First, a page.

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A recent study of over one million female patients revealed that women having heart attacks are less likely to seek immediate care than men, and more likely to die in the hospital.
USA Today reports that many women fail to take advantage of such treatments as clot-busting drugs, balloon procedures to open the arteries or bypass surgery. Consequently, 15% of female heart attack patients die in the hospital, compared with 10% of men. And that doesn’t take into account women who don’t make it to the hospital in the first place.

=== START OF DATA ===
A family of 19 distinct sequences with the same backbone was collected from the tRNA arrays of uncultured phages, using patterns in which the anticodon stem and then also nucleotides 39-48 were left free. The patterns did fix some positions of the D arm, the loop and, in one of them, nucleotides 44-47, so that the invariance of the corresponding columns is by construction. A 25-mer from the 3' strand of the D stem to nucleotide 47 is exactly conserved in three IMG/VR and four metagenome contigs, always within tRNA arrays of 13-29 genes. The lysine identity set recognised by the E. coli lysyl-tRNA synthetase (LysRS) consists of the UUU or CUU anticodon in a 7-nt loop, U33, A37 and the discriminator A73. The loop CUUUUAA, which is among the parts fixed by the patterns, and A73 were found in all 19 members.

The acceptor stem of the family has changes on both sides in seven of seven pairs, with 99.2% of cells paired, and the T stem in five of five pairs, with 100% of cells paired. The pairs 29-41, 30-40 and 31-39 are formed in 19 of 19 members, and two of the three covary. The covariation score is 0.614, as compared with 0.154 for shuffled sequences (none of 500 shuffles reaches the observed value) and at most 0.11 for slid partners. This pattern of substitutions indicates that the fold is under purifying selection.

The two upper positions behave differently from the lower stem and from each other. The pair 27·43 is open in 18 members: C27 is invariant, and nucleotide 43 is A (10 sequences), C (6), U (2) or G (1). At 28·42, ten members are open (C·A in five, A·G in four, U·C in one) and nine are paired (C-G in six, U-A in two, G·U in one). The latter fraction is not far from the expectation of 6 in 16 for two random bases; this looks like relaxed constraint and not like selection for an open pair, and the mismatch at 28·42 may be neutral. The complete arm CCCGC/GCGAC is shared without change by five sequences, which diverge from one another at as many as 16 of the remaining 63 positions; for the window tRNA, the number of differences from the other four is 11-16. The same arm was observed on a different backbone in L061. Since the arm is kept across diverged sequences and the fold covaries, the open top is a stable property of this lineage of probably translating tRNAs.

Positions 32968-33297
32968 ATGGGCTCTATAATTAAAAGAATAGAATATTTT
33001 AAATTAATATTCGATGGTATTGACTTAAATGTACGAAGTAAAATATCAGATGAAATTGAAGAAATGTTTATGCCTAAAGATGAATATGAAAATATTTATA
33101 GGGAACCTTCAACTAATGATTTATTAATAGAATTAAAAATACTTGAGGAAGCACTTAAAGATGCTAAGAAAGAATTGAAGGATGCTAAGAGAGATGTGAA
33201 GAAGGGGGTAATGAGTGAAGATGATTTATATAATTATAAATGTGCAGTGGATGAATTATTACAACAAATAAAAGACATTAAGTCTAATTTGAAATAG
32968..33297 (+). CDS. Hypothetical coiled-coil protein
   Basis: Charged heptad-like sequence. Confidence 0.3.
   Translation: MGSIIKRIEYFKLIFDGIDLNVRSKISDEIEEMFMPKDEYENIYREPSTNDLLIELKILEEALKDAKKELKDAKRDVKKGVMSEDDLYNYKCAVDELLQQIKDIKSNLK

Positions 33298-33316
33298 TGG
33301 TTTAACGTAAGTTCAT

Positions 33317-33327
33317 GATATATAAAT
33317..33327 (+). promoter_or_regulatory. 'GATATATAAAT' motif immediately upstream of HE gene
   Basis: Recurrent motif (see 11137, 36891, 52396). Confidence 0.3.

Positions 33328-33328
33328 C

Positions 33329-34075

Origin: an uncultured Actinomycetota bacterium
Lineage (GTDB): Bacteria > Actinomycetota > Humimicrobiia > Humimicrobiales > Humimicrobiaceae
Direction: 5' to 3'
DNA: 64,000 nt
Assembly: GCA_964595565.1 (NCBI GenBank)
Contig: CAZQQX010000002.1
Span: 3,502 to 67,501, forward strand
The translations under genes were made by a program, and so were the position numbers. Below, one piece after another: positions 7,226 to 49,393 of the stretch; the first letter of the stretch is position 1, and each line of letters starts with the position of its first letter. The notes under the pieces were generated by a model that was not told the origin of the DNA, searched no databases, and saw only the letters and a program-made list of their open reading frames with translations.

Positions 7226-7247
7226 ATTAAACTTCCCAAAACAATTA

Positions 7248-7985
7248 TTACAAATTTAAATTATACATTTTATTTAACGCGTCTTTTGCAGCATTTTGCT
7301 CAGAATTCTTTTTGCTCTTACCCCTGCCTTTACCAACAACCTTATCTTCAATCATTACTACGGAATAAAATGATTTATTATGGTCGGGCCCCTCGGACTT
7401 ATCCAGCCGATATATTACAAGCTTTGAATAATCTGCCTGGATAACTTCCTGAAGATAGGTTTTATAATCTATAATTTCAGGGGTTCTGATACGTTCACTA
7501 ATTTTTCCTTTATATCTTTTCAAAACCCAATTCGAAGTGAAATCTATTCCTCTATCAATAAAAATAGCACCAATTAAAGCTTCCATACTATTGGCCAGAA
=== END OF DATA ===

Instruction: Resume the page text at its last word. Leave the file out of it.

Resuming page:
One thing working against females, especially younger ones, is that they appear less likely to suffer chest pain or pressure – 42% of the women studied didn’t experience this classic heart attack symptom, compared to 31% of men. But they may develop shortness of breath, nausea, vomiting, light-headedness and pain in the back or jaw, according to the American Heart Association. A sudden onset of fatigure may also be a warning sign.
Men and women alike should know their cholesterol levels, blood pressure and blood sugarcardiologist, notes Nieca Goldberg, medical director of NYU Langone Medical Center’s Tisch Center for Women’s Health. “We should use this study as an eye-opening bit of news to these women,” she says.